Cold storages uphold SRP of onions
‘How could they (goverment) penalize? They don’t even put a capital, just the SRP’
Combined personnel of the Bureau of Plant Industry, field inspectors of the Department of Agriculture alongside members of the Philippine National Police, Criminal Investigation and Detection Group on Tuesday rolled out their inspections of cold storages and warehouses to check the price of onions.
This is for the DA to set the suggested retail price for red and white onions expected to be announced and implemented today (Wednesday, 24 May).
Earlier, DA spokesperson Assistant Secretary Kristine Evangelista said the agency would set a P140 per kilogram (kg) SRP for white onions, and P150/kg for red onions in local markets.
DA will also set a P115 per kilo for the red and P100 for the white onions in cold storages to allow farmers and traders enough profit when the onions go out of cold storage and land in the hands of retailers.
“This is the department’s strategy to protect consumers. That’s why we said, our wholesale price for cold storage is P115. This is what we have agreed on for the red and P100 for the white. That will be the basis how much it should be in the market,” she said.
Said prices, according to Evangelista was the result of their meeting with some traders who have agreed to set a cold storage wholesale price following their stakeholders’ meeting. It will also be the basis of their inspections.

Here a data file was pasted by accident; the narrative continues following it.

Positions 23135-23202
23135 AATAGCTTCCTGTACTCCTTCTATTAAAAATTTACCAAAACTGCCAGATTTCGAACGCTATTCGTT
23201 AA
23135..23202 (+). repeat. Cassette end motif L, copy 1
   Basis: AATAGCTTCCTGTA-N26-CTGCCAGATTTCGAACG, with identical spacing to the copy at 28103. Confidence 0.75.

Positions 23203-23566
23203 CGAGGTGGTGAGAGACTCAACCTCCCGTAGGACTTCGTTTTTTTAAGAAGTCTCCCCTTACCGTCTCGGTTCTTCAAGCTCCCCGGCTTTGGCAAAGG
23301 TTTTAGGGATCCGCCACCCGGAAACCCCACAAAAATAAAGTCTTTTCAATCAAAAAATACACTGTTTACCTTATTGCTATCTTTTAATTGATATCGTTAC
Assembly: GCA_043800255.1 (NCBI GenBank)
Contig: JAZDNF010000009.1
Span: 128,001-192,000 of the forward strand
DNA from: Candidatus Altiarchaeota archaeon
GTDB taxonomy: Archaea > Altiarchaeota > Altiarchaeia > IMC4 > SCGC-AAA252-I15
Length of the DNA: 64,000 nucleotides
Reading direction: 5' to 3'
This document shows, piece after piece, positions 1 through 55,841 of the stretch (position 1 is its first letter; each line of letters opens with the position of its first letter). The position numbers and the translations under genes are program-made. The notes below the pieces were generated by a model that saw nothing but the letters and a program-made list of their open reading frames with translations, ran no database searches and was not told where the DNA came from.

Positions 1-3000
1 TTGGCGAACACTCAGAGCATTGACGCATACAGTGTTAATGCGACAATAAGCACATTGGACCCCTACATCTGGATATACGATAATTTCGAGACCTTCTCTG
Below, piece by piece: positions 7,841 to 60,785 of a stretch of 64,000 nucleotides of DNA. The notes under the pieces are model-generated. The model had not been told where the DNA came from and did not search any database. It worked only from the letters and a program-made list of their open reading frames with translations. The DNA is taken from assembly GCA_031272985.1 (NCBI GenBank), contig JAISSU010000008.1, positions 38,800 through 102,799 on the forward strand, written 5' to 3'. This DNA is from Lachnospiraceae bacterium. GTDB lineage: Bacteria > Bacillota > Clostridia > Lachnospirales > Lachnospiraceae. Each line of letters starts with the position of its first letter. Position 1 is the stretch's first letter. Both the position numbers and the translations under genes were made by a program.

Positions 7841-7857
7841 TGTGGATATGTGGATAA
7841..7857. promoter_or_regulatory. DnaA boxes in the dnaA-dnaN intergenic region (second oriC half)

“Even the privately-owned (cold storages) shall be visited by the BPI, the PNP and its CIDG to see the prices of onions, who have entered it, as well as the outflow,” she added in mixed English and Filipino.
Meanwhile, Evangelista said that for the retailers to implement a P150 market price, the price of onions from cold storage must reach P125 to P130.
While an SRP is about to be set and implemented, onion growers doubted how is DA could penalize would be violators.
“How could they (goverment) penalize? They don’t even put a capital, just the SRP,” Jimmy Vistar, an onion grower himself who pioneered the use of biofertilizers in the country, told the Daily Tribune.
Vistar said once the onions got out of cold storages, “cost of money” comes in.
“Spillage, rejected (bulbs of onions) before being sold in retail to the market,” Vistar explained, referring to would be losses a trader or wholesaler would experience before handing the onions to retailers in the market.
For Vistar, the goverment should act as buyers of their harvest, which was lowly priced last year causing a shortage and the importation of tons of onions.
“Our harvest last year went as low as P4 per kilo from P9 to P7,” he said, making most of onion farmers not to plan anymore and shifted to plant other kind of vegetables.
“If say the goverment (through DA) will buy our harvest even at P60, we can survived,” Vistar explained.
This way, Vistar added, will encourage onion growers to plant more onions for the country not to rely on imported ones.
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